Bridge Scholars Program aims to lower student debt for Mines graduates
Rob '68 and Ann McKee hope their gift to create the new scholars program will inspire others to contribute to reducing student debt
A Colorado School of Mines alumnus and his wife have made a major gift to endow a new scholars program at Mines aimed at reducing the heavy debt that some students are burdened with when they graduate.
Ann and Rob McKee ’68 hope their gift to create the President’s Bridge Scholars Program will inspire others to contribute to lowering student debt. Between 50 and 60 percent of undergraduates at Mines have debt at graduation; it would take an additional $5 million per year of financial aid to bring all graduating students’ debt to $40,000 or less.
“This is a program that doesn’t just dole out money,” Rob McKee said. “It’s not a scholarship. Students are given money as an incentive element to graduate and to remain generous and upstanding citizens.”
The first two Bridge Scholars will be awarded in Fall 2020. Qualified out-of-state students who are most challenged in financial ability to attend Mines and show a strong likelihood of accumulating student debt in excess of $20,000 are eligible. The financial award, at least $10,000 per year for up to four years, will increase each year as the student nears graduation, with the funds sent directly to their lenders, thereby creating an important incentive for the students.
Bridge Scholars will also have access to mentors and enhanced experiential learning opportunities. Those involved in the program will be part of a larger scholars community at Mines and will be encouraged to harness their leadership skills to lift each other up, develop networking activities and connect with the donors to the program.
“Many of our alumni came from modest means and point to their Mines education and degree as a game-changer for themselves and successive generations of their families,” Mines President Paul C. Johnson said. “Bridge programs like the visionary one generously established by the McKees will enable us to continue to provide this opportunity to students who might otherwise not attend Mines due to the projection of significant debt at graduation.”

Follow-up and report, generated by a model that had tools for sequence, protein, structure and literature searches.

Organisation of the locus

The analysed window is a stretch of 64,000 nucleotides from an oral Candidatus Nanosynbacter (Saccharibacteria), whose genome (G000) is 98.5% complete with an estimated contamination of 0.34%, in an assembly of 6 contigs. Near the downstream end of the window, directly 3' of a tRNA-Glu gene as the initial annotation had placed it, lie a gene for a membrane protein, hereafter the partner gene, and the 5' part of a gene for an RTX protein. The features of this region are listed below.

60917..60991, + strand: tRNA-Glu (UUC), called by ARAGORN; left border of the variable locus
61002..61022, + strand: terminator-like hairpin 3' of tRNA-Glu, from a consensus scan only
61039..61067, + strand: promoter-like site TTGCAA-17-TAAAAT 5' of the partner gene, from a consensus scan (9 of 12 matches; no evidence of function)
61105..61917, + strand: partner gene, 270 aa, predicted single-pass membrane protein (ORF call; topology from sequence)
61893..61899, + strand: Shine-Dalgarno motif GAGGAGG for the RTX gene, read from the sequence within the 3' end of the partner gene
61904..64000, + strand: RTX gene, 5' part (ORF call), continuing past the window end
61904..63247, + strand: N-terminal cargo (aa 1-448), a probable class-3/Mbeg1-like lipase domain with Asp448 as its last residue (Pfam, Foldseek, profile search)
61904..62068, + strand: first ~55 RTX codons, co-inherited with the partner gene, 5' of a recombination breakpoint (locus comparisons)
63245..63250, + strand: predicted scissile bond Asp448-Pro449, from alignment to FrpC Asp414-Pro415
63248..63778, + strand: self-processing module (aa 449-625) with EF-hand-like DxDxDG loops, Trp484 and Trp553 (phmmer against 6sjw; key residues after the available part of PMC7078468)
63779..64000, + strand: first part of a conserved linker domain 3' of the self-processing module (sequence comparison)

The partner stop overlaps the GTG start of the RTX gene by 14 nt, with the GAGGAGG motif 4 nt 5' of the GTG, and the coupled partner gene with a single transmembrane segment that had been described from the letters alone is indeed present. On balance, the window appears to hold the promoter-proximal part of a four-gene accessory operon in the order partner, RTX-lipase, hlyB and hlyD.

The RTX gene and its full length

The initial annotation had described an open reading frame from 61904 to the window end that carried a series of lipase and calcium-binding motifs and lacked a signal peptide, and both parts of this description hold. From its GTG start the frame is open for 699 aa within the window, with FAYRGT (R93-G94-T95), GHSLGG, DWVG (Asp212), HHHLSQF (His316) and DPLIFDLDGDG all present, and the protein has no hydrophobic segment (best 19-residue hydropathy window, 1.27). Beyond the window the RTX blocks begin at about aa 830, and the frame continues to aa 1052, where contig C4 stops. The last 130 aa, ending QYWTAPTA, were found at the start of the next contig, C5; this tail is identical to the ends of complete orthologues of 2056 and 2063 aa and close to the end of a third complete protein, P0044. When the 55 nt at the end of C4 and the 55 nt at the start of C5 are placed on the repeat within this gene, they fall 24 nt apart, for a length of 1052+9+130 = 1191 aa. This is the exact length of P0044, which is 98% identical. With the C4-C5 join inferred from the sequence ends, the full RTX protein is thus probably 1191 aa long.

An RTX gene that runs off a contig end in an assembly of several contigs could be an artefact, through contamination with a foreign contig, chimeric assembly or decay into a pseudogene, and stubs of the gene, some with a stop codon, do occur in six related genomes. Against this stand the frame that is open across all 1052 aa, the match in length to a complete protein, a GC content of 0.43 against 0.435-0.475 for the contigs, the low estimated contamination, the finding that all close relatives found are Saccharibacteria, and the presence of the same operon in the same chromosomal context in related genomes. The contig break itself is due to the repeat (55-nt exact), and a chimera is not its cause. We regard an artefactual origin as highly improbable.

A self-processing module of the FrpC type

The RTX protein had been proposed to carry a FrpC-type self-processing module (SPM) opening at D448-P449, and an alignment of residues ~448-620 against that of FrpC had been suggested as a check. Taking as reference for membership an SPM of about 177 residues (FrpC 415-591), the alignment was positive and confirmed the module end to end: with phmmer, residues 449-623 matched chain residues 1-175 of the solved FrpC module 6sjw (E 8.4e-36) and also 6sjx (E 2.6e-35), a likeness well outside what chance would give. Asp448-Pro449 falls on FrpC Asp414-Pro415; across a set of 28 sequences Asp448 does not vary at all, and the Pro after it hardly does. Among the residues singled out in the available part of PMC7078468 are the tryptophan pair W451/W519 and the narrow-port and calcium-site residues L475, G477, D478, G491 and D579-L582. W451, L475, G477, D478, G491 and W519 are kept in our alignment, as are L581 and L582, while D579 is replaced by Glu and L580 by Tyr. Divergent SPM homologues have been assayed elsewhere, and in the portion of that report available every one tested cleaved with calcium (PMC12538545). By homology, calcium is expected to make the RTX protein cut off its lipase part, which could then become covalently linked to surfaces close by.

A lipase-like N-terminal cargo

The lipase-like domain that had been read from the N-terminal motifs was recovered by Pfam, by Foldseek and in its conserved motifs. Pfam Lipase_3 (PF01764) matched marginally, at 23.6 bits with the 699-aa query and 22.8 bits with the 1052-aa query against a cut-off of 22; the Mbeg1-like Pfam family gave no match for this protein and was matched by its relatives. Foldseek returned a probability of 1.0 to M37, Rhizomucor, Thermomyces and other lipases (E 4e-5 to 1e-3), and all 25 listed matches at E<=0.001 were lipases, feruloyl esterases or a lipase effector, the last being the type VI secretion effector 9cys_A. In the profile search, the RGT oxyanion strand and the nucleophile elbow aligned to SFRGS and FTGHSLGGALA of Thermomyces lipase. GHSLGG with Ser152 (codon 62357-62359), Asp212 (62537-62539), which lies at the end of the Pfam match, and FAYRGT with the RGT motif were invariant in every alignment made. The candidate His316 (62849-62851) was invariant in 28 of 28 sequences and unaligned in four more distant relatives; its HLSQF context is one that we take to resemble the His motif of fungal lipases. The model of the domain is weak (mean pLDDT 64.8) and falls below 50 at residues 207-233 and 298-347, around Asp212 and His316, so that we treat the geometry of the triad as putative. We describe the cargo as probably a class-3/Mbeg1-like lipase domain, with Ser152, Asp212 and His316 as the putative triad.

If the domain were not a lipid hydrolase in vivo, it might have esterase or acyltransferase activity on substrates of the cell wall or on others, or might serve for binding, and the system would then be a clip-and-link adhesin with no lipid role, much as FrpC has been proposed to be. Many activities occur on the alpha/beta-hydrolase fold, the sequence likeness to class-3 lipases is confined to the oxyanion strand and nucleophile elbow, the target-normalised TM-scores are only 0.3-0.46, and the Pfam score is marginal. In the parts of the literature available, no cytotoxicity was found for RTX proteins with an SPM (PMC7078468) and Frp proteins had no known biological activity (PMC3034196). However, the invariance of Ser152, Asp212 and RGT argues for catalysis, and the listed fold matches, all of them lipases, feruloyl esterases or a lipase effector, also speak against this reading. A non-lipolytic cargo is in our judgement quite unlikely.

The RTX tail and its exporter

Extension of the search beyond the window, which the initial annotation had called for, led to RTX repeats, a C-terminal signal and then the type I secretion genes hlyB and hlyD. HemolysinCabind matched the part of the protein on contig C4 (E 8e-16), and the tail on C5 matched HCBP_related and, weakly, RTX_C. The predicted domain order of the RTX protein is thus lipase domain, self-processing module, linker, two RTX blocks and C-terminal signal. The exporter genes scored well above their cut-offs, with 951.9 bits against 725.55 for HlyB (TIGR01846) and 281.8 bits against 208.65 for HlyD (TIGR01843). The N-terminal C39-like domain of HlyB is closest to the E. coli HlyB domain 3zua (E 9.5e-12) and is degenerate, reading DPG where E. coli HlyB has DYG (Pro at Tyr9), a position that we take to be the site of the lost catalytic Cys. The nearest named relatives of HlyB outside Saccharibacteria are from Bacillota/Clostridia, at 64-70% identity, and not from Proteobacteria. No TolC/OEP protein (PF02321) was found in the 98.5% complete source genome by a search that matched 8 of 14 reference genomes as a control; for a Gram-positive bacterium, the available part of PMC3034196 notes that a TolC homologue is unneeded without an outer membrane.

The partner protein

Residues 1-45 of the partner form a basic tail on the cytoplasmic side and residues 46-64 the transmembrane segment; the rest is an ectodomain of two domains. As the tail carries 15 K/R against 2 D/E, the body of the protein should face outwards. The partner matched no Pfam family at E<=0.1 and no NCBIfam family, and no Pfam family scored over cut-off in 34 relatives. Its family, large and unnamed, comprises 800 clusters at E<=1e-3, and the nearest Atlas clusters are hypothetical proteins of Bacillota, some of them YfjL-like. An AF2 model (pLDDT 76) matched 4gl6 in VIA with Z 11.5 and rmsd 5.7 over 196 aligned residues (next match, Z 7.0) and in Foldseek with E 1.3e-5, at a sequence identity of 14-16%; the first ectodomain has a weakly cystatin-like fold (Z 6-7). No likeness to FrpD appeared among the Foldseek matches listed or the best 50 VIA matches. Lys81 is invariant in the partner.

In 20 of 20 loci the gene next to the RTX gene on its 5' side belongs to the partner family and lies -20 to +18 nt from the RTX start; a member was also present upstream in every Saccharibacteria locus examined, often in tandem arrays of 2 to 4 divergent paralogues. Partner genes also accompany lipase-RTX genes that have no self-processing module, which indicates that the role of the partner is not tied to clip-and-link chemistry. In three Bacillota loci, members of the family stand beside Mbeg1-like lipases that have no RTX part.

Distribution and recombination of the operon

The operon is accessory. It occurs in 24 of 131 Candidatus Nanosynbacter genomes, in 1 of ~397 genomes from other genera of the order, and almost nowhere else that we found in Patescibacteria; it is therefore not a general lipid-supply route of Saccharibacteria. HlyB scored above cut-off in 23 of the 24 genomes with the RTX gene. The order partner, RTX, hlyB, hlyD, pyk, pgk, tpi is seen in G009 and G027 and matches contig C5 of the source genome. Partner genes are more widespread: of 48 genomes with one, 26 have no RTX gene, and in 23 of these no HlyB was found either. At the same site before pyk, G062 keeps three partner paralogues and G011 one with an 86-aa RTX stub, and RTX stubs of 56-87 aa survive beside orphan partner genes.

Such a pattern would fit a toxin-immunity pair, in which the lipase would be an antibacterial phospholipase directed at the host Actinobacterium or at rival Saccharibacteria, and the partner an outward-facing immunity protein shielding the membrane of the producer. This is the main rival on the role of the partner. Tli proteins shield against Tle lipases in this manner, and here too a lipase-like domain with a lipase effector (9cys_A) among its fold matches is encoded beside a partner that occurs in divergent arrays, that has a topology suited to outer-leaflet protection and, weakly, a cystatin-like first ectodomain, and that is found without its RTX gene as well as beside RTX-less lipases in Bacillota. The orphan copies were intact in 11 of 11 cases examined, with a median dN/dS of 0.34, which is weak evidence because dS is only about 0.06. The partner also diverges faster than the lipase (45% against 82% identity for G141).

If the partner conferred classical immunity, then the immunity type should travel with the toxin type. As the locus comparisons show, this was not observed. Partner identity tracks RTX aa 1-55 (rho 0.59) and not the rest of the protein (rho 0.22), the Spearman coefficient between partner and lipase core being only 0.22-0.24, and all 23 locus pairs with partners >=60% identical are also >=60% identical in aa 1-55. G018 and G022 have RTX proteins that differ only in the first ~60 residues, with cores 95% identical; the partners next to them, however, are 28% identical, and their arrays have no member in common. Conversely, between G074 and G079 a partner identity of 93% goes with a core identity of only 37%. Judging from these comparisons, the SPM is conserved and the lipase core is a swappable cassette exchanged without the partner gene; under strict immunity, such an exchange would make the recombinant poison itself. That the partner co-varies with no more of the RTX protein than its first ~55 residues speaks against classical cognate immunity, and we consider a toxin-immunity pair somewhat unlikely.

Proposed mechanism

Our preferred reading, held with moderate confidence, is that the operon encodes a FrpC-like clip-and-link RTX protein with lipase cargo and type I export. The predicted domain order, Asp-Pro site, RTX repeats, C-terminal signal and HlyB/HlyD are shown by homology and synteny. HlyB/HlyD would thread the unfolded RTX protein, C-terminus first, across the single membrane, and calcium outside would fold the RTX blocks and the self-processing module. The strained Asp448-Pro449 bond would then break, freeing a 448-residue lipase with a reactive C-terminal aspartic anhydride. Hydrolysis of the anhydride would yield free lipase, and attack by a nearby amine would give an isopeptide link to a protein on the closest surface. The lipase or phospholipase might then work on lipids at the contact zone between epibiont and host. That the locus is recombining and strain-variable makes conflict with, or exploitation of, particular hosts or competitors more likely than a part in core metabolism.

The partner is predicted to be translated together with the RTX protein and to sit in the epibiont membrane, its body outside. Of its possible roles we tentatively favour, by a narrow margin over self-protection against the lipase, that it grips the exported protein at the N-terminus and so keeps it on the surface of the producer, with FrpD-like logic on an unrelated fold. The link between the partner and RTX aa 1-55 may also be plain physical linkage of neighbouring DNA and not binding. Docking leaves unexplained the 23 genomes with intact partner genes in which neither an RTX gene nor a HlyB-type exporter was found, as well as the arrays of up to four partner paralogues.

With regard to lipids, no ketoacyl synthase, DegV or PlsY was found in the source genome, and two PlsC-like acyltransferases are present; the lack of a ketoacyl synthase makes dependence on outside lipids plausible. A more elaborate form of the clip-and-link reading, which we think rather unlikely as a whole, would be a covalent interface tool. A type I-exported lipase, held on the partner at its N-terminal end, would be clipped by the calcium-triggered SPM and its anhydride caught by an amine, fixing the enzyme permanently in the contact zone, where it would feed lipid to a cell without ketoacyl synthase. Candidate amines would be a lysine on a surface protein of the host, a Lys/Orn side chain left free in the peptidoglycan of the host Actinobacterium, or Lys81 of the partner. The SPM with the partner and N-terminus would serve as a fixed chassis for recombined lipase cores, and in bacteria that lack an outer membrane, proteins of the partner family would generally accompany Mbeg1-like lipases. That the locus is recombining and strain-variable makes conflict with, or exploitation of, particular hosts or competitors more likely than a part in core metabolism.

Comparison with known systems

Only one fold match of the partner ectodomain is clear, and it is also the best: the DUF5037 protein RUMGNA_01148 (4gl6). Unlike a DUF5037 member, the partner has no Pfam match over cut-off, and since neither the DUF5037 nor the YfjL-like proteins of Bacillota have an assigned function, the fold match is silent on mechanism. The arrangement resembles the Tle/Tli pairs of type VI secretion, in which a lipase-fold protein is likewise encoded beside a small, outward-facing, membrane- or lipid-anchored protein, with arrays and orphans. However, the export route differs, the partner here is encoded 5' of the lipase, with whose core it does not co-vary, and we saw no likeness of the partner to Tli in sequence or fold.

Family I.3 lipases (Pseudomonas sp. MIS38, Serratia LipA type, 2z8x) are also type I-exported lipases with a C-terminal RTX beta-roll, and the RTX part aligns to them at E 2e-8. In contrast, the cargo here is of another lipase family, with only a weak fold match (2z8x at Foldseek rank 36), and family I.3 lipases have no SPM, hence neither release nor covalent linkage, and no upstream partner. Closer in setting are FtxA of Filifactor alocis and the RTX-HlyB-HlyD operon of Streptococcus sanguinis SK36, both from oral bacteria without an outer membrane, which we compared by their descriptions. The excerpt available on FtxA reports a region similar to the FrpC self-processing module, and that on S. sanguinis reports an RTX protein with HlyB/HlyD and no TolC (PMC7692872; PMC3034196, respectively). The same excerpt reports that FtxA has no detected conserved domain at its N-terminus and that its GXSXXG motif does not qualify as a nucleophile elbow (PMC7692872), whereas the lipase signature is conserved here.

Financial investment in students through scholarships, fellowships and scholar communities is a key priority in the MINES@150 plan, which positions the university for future success as it celebrates its 150th anniversary in 2024 and beyond. To continue to be competitive in recruiting top applicants, Mines is focused on being financially accessible to students from all backgrounds. Innovative offerings such as the Bridge Program will be critical to meeting that goal.
“In order to be a top-of-mind, first-choice university, we must work toward being more financially accessible to the students who meet our high academic standards and have the other qualities, like work ethic, intellectual curiosity and outstanding character, that we value,” said Brian Winkelbauer, president and CEO of the Colorado School of Mines Foundation. “Through the incredible vision and generosity of the McKees, this program will serve as a catalyst for reducing student debt—an important measure of a university’s accessibility and a critical factor in student recruitment.”
The McKees also hope this program will help students understand the importance of philanthropy and motivate them to give back to the university. Scholars will be expected to return the generosity from which they have benefited when they become more financially able, creating an enduring philanthropic cycle. This is a concept that the couple believes in and actively pursues.
“We are trying to just do what we can for an institution to which we owe much,” Rob McKee said. “We are going to keep doing that as long as we are able.”